Friendly Fire

Murphy’s Law Activated in a Mission-Critical Exercise

In this assignment, I demonstrate how anything that could have gone wrong, did go wrong within the Friendly Fire case. My analysis leads me to the conclusion that there were errors at the individual, organizational, technological and communications levels and those resulted in the deaths of 26 passengers. The cross-team operations and tasks in the OPC were designed to be mechanistic in nature but in reality were organic. I believe that each team had their own coordination mechanisms but those weren’t integrated with each other. Additionally, local practices became the norm and they become the Standard Operating Procedures disregarding the global directives.   Last but not the least, the AWACS crew on the day had a weak team with diffused responsibilities.

OPC Organization

The mission had a flawed organizational structure:

- OPC was setup to be a temporary assignment with no specific end date. It lasted for more than 3 years.
- F15 pilots reported to Pilkington in a dotted line fashion and he had no direct control over them
- There was no unity of command – rules of authority were ambiguous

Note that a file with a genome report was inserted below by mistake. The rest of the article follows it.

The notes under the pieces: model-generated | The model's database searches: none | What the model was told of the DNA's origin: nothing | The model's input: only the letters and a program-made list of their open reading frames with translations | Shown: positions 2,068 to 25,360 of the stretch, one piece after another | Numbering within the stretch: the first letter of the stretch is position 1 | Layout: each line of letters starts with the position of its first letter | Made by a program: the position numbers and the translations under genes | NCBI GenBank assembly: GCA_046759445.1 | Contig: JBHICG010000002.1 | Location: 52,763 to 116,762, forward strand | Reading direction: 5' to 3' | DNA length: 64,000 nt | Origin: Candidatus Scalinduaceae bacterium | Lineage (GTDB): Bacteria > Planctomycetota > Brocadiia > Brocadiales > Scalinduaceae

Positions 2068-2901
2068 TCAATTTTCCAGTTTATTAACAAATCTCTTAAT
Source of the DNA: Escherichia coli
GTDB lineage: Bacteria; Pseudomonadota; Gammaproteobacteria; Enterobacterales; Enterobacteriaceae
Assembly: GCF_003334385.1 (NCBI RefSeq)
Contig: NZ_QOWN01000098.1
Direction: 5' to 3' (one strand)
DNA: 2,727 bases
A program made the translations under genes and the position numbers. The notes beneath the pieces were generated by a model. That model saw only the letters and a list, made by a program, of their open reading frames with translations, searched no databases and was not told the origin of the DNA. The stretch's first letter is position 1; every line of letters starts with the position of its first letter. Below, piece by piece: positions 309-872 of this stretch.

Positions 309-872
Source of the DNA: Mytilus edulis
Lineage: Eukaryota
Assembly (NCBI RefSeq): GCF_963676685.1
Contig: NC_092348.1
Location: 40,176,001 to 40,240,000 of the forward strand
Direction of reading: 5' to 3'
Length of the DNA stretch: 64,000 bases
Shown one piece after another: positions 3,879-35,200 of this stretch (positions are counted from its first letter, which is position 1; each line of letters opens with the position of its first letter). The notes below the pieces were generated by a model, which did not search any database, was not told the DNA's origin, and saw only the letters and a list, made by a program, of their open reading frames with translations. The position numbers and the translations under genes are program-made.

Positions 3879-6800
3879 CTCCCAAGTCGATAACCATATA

The team central to the entire mission of OPC had a lot of problems that day. Some of them were:

- Lt. Ricky Wilson was an inexperienced controller and had no prior real-world flights. He didn’t know how to react to things outside of his limited training.
- The team was put together in an adhoc manner and had no team dynamics.
- The shadow crew consisting of Instructors led to a false sense of security for the rookies and as a result nobody felt responsible for taking any action.
- The crews worked long hours, were strained and had low morale.

Local Practices

- Blackhawk Helicopters developed the habit of not changing frequencies and controllers.
- AWACS Controllers had developed informal procedures to hand-off aircraft responsibilities and when things went south (screen not working),...